The objective of this subproject is to evaluate the ability of GCMs in simulating the global hydrologic cycle and to explore means of validation of GCM precipitation and hydrologic processes with space- and ground-based observations. We have completed the inter-comparison of the precipitation (P) evaporation (E) and surface hydrologic forcing (P-E) for 23 AMIP GCMs and relevant observations over a variety of spatial and temporal scales. These include global and hemispheric means, latitudinal profiles, selected areal means for the tropics and extratropics, ocean and land respectively. In addition, we have computed pattern correlations among models and observations for different seasons, harmonic analysis for annual and semi-annual cycles and rain-rate frequency distributions. We also compare the joint influence of temperature and precipitation on local climate using the Koeppen climate classification. A summary of the findings is as follows.
The global mean surface temperature and precipitation show large variation among models. The models have as much as 6-7°C differences in global mean temperature and up to about 2.00 mm/day differences in global precipitation. The global and hemispheric mean and the annual precipitation in the models are consistent to within approximately 20-30%. The differences among model precipitation estimates over the ocean are as large as those among climatological estimates of Jaeger, Legates and Willmott, and satellite estimates from the Microwave Sounding Unit (MSU). The discrepancies among models are largest over the land region. These may be due to the diverse land surface schemes used in the different models. All models seem to underestimate global rainfall variability compared with climatological estimates. Except for a few, most models maintain a global water balance (E-P) to within 5-10% of the total precipitation.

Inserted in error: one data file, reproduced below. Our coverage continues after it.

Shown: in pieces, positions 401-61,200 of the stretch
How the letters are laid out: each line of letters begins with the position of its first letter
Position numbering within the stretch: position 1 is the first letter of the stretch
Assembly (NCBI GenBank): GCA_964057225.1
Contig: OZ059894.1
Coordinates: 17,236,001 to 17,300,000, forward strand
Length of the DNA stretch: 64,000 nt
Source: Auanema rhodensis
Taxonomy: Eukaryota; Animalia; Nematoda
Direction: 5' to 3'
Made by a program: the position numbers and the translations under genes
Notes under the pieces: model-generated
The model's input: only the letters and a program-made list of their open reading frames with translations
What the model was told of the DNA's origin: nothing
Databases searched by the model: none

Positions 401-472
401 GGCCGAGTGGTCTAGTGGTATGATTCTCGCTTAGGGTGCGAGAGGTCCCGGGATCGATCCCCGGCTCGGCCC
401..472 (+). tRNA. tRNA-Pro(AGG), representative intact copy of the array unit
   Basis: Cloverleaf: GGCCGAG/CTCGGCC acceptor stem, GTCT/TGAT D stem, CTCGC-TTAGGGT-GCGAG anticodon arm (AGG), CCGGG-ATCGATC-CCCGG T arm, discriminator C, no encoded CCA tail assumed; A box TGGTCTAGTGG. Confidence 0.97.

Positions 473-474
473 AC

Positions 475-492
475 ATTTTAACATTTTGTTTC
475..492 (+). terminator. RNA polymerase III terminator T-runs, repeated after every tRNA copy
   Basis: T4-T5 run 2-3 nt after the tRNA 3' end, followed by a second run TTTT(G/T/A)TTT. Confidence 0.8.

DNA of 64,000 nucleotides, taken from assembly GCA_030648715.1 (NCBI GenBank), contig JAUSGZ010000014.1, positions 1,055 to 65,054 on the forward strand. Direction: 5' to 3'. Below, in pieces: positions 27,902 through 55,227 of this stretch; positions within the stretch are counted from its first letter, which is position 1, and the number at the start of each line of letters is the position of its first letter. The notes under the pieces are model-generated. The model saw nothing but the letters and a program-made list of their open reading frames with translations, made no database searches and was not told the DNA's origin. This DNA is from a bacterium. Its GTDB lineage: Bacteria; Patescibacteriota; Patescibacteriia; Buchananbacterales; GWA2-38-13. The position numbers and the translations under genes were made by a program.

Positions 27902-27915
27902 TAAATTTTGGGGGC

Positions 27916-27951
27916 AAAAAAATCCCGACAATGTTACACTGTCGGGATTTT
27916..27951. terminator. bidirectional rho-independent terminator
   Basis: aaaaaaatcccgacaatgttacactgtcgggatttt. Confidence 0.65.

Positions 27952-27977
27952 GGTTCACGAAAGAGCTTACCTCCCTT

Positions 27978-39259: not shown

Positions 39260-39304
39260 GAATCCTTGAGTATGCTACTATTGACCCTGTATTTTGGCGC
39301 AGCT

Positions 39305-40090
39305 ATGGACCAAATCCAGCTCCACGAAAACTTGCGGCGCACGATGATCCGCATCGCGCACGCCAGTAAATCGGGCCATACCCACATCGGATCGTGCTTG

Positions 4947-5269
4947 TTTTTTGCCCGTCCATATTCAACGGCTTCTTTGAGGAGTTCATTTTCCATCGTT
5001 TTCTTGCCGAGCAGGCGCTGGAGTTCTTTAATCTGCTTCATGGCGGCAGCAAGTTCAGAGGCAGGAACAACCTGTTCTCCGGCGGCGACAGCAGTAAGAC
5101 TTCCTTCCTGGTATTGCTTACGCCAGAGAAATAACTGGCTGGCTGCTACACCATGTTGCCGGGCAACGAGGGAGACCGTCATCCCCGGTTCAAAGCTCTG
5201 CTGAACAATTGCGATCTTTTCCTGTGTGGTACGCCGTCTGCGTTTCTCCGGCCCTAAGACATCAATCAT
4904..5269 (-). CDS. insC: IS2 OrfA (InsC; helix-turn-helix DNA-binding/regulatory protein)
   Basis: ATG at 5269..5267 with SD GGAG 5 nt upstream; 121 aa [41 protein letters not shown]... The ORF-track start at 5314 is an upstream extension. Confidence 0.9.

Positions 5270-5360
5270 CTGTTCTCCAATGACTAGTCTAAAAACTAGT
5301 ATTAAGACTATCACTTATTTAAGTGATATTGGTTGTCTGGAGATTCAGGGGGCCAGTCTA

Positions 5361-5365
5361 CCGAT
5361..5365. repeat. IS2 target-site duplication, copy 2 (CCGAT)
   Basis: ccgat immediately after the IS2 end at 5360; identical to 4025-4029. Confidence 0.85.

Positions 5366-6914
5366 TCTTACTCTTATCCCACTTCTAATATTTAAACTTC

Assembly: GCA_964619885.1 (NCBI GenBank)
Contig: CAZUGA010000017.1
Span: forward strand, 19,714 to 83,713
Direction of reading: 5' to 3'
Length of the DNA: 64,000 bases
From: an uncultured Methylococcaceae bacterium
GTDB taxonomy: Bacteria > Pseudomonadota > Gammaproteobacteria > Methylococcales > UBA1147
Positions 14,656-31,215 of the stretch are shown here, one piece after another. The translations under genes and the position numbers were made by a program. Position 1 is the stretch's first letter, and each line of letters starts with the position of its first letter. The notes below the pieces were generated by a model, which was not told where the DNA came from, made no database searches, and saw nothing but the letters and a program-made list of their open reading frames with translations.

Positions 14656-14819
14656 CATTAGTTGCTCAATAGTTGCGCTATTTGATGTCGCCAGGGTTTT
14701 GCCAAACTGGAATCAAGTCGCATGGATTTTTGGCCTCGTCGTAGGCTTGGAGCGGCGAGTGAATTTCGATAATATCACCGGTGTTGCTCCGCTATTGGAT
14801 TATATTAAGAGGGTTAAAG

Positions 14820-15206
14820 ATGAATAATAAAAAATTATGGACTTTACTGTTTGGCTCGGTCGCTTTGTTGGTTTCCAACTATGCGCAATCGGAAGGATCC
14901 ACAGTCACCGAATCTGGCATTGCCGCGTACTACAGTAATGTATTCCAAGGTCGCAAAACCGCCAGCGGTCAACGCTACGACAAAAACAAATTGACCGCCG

Another noteworthy result is in the intercomparison of ensemble mean
rainfall frequency distribution. A common feature shared by the models
is that they all under-estimate the precipitation in the light rain (0-1
mm/day) category. The ratio between the lowest rainrate and the next (1-2
mm/day) category for the model ensemble average is approximately 1 to 0.8.
In contrast, the same ratio from the observation is approximately 1 to
0.4. This discrepancy is most severe over land. In the higher rainrate,
the models are consistent with observation. The above findings imply that
while there is a reasonable degree of realism in the model parameterization
of convective rain, there may be a fundamental problem regarding the production
of light rain. This may be due to the improper treatment of shallow convection,
in particular boundary layer stratus in most GCMs. Comparing the global
rainfall distribution of the 23 AMIP GCMs and the climatological estimate
shows that the overall large-scale rainfall pattern is reasonably well
simulated. The largest difference between model and observation is in the
Asian Monsoon region during the boreal summer. In particular, most models
do not reproduce the rainband related to the Mei-yu over East Asia. Large
discrepancies are also found in the rainfall pattern over SPCZ and ITCZ
of the eastern Pacific. These are also the regions where the satellite
and ground-based rainfall estimates differ the most.